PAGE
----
The long-accepted wisdom in investing is to spread your investments across various sectors and approaches. This, it is said, should allow you to benefit from returns of the portfolio, and mitigate some of the risk that exists and can impact on sectors or economies in time.
At Wren Sterling, this is the approach we recommend to our clients, and it has stood the test of time across differing market cycles and events.
That is not to say that it comes without some challenging times. Periods when some or all of a portfolio can seems to move in tandem, and usually downwards, placing stress on your plans, and making for an uncomfortable experience.
So far, 2022 has been one of those times, driven largely through the challenges in the bond markets, which are meant to provide some solace against the more “volatile” equity markets.
So why is this happening?
Governments across the Western world are battling to keep inflation under control. We’ve seen the US Federal Reserve, the Bank of England and the European Central Bank all raise interest rates, which has caused bond markets to fall.
In the UK, we are seeing inflation at 40-year highs, with predictions of even higher levels in the coming months. With the most recent figures (August) showing the Consumer Price Index (CPI) being up by 10.1% over the previous year.
The Bank of England has an inflation target of 2% and we’ve seen them raise the base interest rate five times since February. With it now sitting at 1.75%, the highest level since 2009, but still a low level historically.
Generally, Central Banks have one tool to try and dampen rising prices – raise the interest rate. It is a fairly blunt tool all told; trying to incentivise people and businesses into saving (or at least not borrow) money rather than spending it, cutting demand, and hopefully leading to a fall in increasing prices.
This is not to say things will get cheaper, just that prices won’t rise quite as fast.
The challenge however is that a significant proportion of the current inflation levels are global – the increasing cost of energy, which then has a knock-on effect to food prices too. This leads to a situation where interest rates are raised to try and cool inflation, but the reason behind the increasing inflation levels are largely outside of its control.
What does this mean for the bond market?
Bond investing is a little like lending money to someone.
You lend a company or a government a sum of money and in return they will pay you a pre-agreed amount of “interest” each year, which you can think of as your return. The level of that return is set at the beginning of the loan and is fixed for term – which for some government bonds (Gilts in the UK) can be for 20- or 30-years.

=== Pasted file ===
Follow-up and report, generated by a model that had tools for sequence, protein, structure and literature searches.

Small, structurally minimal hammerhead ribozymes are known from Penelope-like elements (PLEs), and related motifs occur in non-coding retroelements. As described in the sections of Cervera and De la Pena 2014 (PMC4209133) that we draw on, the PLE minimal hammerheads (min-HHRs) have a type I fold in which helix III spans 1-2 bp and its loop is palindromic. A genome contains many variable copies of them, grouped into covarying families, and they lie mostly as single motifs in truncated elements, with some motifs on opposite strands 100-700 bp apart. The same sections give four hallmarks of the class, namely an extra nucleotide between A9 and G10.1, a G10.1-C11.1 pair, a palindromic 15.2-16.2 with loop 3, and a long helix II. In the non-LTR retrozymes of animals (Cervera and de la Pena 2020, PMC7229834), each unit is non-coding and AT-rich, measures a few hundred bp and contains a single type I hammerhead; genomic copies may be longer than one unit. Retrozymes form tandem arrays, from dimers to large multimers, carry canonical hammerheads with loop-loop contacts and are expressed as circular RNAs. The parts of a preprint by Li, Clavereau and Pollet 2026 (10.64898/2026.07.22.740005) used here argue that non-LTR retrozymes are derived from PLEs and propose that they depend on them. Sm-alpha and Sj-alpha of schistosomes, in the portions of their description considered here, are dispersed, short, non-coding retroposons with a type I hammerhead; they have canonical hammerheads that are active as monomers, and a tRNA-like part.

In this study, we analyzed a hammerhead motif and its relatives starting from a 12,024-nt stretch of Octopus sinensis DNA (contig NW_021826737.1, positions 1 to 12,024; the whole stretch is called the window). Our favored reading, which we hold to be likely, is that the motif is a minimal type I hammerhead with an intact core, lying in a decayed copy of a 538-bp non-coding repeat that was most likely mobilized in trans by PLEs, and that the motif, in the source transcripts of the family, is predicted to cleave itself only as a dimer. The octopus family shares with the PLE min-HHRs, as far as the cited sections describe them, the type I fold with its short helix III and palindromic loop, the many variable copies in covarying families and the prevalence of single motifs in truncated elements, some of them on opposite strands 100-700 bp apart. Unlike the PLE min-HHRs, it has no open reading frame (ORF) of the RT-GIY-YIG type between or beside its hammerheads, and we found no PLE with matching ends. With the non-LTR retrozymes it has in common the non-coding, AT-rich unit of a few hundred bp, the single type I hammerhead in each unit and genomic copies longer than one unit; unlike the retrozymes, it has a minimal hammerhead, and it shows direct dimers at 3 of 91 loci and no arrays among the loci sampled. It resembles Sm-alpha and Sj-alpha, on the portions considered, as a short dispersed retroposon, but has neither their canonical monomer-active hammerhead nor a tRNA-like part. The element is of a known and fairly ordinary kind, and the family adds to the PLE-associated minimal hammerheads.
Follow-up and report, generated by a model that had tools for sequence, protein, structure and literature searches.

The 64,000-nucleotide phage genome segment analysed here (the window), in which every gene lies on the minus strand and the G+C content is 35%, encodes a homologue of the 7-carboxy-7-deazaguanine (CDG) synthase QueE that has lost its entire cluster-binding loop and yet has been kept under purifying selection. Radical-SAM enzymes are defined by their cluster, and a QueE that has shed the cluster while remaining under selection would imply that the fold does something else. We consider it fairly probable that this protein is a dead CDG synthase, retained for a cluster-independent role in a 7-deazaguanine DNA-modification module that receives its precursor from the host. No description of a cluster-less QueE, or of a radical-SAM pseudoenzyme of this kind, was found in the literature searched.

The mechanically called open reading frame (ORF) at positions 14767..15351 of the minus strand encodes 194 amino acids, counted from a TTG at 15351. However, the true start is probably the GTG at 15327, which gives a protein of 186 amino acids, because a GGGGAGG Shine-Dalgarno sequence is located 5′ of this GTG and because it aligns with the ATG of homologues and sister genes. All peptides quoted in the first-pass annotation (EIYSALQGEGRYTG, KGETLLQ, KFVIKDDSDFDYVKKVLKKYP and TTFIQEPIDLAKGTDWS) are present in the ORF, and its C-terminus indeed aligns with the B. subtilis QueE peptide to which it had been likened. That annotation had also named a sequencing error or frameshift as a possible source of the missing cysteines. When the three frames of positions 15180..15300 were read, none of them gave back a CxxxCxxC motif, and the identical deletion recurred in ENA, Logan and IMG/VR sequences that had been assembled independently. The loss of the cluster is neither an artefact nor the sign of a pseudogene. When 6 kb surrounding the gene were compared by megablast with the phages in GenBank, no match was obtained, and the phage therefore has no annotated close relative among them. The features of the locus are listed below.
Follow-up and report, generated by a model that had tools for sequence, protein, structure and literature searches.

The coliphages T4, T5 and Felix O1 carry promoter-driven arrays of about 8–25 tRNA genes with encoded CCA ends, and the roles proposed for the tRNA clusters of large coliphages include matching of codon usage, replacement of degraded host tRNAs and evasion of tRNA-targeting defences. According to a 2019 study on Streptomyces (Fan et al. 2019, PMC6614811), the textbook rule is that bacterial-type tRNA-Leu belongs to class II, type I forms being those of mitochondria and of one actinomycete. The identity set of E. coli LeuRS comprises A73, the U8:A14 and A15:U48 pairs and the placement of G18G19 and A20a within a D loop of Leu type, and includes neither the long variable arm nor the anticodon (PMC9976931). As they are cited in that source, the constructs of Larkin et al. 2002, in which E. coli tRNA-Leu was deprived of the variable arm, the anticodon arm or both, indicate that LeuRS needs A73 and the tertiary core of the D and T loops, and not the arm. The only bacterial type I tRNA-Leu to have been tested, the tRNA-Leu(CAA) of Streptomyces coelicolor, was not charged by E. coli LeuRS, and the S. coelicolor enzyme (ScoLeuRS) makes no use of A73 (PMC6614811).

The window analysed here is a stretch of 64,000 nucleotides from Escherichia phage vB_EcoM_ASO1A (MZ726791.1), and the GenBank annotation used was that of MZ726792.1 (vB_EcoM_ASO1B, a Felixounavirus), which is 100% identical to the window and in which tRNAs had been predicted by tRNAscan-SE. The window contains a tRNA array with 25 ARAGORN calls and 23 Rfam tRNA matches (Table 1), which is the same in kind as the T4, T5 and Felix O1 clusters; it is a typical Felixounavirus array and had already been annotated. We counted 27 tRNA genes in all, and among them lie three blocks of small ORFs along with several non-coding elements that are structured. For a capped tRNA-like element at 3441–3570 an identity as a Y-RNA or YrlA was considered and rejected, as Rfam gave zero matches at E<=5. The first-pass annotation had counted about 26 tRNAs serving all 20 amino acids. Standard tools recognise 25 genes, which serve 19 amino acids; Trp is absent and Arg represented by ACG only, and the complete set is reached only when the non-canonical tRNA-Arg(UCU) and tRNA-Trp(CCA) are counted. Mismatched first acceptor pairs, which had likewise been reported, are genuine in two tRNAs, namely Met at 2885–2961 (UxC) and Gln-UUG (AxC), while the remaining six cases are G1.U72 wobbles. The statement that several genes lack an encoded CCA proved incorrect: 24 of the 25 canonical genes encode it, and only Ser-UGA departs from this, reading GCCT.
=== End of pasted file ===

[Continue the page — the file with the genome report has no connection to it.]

For a long time now, we have been in a period of low interest rates, meaning it has been quite cheap for governments and companies to borrow money. As inflation rises, and central banks raise the interest rate, this is bad news for bond investors as the level of return they get from their investment is fixed, and so in real terms is falling.
As a bond investor, you can sell on your bond to someone else. The general relationship between the price of a bond, and its yield (the income it pays relative to that price) is like a seesaw. As one increases, the other will fall. The longer the term of the bond, then the more pronounced this change is.
What we’ve seen over the year so far is a combination of the interest rate rises, both current and expected, pushing down the price of the bonds.Portfolios where the manager is buying a broad spread of investments across the market will likely see greater changes in value in situations such as this, than one who can be more selective about what they buy and hold.
We’re currently seeing central banks trying to walk the tightrope between tackling inflation and avoiding a recession. Compared to the past decade, we are seeing more volatile markets across and within a range of assets.
We still believe that diversification is the best defence an investor can have against the ups and downs of the markets in general. This diversification should not only be through holding different asset classes, but also using different investment styles.IMPORTANT: The value of your investments can fall as well as rise and is not guaranteed. Past performance is not a guide to future performance.